Archive for Tuesday, February 27, 2007

Food inspections down from three years ago

February 27, 2007

Advertisement

In February 2007, Peter Pan and some Great Value (Wal-Mart's store brand) peanut butters were linked to 425 cases of salmonella across the United States. Centers for Disease Control and Prevention officials believe it was the first salmonella outbreak involving peanut butter to occur in the United States. For the latest food recalls, visit the Food and Drug Administration's Web site. There have been seven recalls in the past three days.

In February 2007, Peter Pan and some Great Value (Wal-Mart's store brand) peanut butters were linked to 425 cases of salmonella across the United States. Centers for Disease Control and Prevention officials believe it was the first salmonella outbreak involving peanut butter to occur in the United States. For the latest food recalls, visit the Food and Drug Administration's Web site. There have been seven recalls in the past three days.

— The federal agency that's been front and center in warning the public about tainted spinach and contaminated peanut butter is conducting just half the food safety inspections it did three years ago.

The cuts by the Food and Drug Administration come despite a barrage of high-profile food recalls.

"We have a food-safety crisis on the horizon," said Michael Doyle, director of the Center for Food Safety at the University of Georgia.

Between 2003 and 2006, FDA food safety inspections dropped 47 percent, according to a database analysis of federal records by The Associated Press.

That's not all that's dropping at the FDA in terms of food safety. The analysis also shows:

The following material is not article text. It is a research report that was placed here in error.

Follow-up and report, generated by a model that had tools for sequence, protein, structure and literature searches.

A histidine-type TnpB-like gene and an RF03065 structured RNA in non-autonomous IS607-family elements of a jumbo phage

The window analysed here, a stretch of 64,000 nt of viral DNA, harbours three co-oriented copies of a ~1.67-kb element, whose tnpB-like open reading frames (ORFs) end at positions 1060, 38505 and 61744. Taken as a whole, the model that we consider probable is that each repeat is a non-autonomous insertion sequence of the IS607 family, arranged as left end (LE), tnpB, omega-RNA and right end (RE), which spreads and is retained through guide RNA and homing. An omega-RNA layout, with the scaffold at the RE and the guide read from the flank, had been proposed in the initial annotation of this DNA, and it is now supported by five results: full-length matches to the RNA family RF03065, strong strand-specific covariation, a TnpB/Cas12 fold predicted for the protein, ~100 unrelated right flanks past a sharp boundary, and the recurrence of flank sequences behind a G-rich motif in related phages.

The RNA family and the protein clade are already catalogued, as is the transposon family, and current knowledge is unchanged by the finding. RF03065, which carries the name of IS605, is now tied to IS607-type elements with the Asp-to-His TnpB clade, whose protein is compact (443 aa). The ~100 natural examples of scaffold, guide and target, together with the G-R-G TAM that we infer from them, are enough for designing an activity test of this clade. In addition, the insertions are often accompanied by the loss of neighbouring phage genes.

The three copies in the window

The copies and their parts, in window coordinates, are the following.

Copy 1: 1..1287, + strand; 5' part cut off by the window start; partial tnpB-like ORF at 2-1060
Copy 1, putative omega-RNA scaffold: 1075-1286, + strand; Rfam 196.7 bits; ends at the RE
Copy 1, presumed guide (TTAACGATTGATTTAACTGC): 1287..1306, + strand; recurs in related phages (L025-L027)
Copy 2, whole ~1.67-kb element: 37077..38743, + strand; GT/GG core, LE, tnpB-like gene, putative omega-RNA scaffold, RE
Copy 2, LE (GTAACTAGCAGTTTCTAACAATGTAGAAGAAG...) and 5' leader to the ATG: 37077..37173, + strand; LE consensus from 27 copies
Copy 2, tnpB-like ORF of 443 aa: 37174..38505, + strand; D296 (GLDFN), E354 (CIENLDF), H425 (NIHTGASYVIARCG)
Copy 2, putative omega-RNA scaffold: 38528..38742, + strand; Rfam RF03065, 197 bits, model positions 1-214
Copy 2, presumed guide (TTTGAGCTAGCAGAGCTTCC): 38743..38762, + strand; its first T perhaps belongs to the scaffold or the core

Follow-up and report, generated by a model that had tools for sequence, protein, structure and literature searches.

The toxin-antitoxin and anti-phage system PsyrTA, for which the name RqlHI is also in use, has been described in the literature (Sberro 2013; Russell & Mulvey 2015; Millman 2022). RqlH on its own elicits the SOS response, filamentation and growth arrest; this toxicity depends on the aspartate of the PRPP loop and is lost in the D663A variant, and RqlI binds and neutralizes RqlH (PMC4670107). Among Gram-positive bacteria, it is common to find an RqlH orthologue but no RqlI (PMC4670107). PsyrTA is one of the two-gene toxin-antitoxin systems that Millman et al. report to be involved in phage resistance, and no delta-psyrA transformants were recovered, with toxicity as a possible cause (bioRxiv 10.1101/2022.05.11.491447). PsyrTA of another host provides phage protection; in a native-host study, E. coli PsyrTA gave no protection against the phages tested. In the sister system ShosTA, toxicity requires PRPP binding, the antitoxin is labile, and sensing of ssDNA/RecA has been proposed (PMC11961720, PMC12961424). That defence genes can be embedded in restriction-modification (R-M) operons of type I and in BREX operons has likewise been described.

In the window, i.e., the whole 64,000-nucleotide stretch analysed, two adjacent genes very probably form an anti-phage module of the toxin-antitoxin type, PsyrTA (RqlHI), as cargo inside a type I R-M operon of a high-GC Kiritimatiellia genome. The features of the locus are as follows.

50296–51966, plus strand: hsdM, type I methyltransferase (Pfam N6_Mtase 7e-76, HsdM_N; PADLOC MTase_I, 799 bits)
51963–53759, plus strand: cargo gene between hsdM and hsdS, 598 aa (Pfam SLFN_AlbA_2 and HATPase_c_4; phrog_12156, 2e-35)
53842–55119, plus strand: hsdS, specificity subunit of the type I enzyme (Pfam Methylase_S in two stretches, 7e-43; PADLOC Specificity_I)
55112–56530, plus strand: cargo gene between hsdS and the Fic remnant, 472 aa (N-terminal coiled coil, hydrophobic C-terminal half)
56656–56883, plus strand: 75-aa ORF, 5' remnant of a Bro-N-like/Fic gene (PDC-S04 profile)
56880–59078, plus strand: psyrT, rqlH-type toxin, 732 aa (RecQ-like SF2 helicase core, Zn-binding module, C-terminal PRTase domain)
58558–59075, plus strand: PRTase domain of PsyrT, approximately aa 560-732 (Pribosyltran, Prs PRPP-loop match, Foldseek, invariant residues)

¢ There are 12 percent fewer FDA employees in field offices who concentrate on food issues.

¢ Safety tests for U.S.-produced food have dropped nearly 75 percent, from 9,748 in 2003 to 2,455 last year, according to the agency's own statistics.

After the Sept. 11, 2001, attacks, the FDA, at the urging of Congress, increased the number of food inspectors and inspections amid fears that the nation's food system was vulnerable to terrorists. Inspectors and inspections spiked in 2003, but now both have fallen enough to erase the gains.

"The only difference is now it's worse because there are more inspections to do - more facilities - and more food coming into America, which requires more inspections," said Tommy Thompson, who as secretary of the Department of Health and Human Services pushed to increase the numbers. He's now part of a coalition lobbying to turn around several years of stagnant spending.

The Bush administration's budget request for 2008 includes an additional $10.6 million for food safety at the FDA; the lobbying group said 10 times that increase is needed. Even though the FDA increased its overall spending on food between 2003 and 2006, those increases failed to keep pace with rising personnel costs.

"It's not just outsiders like us who have been watching it for a while. People who worked in the Bush administration are coming out and saying the agency is not working at its current resource levels. It just can't manage the job," said Caroline Smith DeWaal, director of food safety at the Center for Science in the Public Interest, an advocacy group.

Members of Congress also have renewed the focus on the safety of the nation's food supply amid highly publicized recalls sparked by food poisoning, including last year when E. coli was found to taint fresh spinach sold coast to coast. That outbreak killed three people and sickened nearly 200.

The latest big recall involves peanut butter believed tainted with salmonella, a bacterium found in feces that can cause severe diarrhea. The outbreak has sickened at least 329 people in 41 states since August, federal health officials say.

Food safety experts say it would be impossible to know whether increased numbers of inspectors and inspections would have prevented the outbreak, linked to Peter Pan and Great Value brands made by ConAgra Foods Inc., or other recent food poisoning scares.

The FDA had last inspected ConAgra's peanut butter plant in Sylvester, Ga., in February 2005 and had found no problems, agency spokesman Michael Herndon said.

Firms that produce high-risk foods more susceptible to contamination, such as fresh fruit and vegetables, are supposed to be inspected every year, unless they have a good safety record. Then inspections are done every two or three years, Herndon said.

For other foods, the FDA rotates inspections.

Comments

Use the comment form below to begin a discussion about this content.

Commenting has been disabled for this item.